Showing posts with label Inspiration. Show all posts
Showing posts with label Inspiration. Show all posts


TYIN tegnestue Architects

TYIN tegnestue Architects / Old Market Library Project, Bangkok (2009)
built and designed by  TYIN tegnestue and the people of the Min Buri Old Market Community

TYIN tegnestue Architects / Klong Toey Community Lantern, Bangkok (2009)

"TYIN tegnestue Architects was established in 2008. The office has completed several projects in poor and underdeveloped areas of Thailand, Burma, Haiti and Uganda.
Solutions to real and fundamental challenges call for an architecture where everything serves a purpose – an architecture that follows necessity. By involving the local populace actively in both the design and building of their projects, TYIN are able to establish a framework for mutual exchange of knowledge and skills. All materials used in TYIN´s projects are collected close to the sites or purchased from local merchants. 
TYIN is currently run by Masters of Architecture Andreas G. Gjertsen and Yashar Hanstad, and has its headquarters in the Norwegian city of Trondheim. TYIN has won several international awards and their projects have been published and exhibited worldwide."
(For more detailed information please visit:


Israel Bright / Hatizmoret meshalemet Bishvil Lenaggen (The Orchestra pays in order to play)

Rural Studio - Architecture for all

Rural Studio is an off-campus design-build program of Auburn University. The program, established in 1993 by D.K. Ruth and Samuel Mockbee, gives architecture students a more hands-on educational experience whilst assisting an underserved population in West Alabama's Black Belt region. In its initial years, the Studio became known for establishing an ethos of recycling, reusing and remaking. In 2001, after the passing of Samuel Mockbee, Andrew Freear succeeded him as director. Since that time, Rural Studio has expanded the scope and complexity of its projects, focusing largely on community-oriented work.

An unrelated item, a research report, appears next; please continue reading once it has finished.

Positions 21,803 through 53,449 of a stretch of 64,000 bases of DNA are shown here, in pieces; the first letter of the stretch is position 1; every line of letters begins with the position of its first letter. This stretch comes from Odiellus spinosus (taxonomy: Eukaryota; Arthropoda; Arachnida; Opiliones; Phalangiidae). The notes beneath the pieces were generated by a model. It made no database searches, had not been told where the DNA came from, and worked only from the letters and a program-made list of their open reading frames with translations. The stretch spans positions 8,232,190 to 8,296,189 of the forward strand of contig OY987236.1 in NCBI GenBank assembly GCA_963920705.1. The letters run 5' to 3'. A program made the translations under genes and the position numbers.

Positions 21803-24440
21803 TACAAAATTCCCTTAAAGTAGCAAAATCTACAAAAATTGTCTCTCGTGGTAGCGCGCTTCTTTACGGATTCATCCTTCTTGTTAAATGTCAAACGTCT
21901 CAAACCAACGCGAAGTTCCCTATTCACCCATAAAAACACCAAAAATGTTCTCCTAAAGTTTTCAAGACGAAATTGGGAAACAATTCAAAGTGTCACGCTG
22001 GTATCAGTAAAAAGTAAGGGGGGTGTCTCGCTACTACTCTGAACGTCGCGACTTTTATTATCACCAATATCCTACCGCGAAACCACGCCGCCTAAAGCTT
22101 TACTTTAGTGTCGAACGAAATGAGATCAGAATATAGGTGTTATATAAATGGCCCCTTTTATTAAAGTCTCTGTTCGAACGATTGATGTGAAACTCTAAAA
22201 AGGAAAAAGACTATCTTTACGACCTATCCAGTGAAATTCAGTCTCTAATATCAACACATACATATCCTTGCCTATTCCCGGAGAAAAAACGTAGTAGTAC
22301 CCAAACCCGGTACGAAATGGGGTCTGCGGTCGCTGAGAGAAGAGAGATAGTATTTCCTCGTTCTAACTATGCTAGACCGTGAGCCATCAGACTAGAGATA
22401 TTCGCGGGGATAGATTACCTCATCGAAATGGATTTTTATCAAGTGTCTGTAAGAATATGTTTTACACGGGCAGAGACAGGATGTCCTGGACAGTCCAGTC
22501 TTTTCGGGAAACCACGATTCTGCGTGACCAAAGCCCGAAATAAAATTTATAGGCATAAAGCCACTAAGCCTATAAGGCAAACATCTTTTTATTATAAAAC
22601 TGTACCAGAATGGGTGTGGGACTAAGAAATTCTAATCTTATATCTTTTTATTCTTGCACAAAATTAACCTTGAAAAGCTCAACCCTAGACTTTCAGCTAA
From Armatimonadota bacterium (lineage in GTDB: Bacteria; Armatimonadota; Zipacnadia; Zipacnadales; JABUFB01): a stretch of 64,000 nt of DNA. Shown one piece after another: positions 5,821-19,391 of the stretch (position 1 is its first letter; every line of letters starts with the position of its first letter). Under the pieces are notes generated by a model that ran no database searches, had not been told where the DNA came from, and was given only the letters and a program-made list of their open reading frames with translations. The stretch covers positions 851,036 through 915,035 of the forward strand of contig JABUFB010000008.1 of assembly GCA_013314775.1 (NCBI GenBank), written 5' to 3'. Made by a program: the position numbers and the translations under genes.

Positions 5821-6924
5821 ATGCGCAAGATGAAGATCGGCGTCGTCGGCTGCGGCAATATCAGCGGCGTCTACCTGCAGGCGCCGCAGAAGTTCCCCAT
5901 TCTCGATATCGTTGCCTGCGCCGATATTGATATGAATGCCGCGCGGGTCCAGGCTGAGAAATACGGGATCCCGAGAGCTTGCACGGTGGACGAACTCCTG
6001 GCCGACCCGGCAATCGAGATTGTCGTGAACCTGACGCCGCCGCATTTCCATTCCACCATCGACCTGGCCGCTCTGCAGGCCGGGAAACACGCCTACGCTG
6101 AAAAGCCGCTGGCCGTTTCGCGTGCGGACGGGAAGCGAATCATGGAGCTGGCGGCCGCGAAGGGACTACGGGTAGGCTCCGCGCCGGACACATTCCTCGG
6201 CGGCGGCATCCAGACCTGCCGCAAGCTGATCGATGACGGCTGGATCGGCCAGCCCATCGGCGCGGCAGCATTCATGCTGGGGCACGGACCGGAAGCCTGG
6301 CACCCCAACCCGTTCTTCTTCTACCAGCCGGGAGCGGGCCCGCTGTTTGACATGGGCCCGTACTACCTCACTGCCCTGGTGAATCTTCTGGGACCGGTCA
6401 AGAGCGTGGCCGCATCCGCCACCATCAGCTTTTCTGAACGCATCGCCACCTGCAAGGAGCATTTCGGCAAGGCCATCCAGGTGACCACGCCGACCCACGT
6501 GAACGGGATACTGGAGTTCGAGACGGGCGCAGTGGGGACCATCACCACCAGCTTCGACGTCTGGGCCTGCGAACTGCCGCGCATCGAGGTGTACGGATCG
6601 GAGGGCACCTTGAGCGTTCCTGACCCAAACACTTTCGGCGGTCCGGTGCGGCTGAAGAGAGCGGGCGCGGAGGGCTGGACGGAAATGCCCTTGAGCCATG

The Rural Studio philosophy suggests that everyone, both rich or poor, deserves the benefit of good design. To fulfill this ethic, the Studio has evolved towards more community-oriented projects. Projects have become multi-year, multi-phase efforts traveling across three counties. The students work within the community to define solutions, fundraise, design and, ultimately, build remarkable projects. The Studio continually questions what should be built, rather than what can be built, both for the performance and operation of the projects. To date, Rural Studio has built more than 150 projects and educated more than 600 "Citizen Architects." (Source: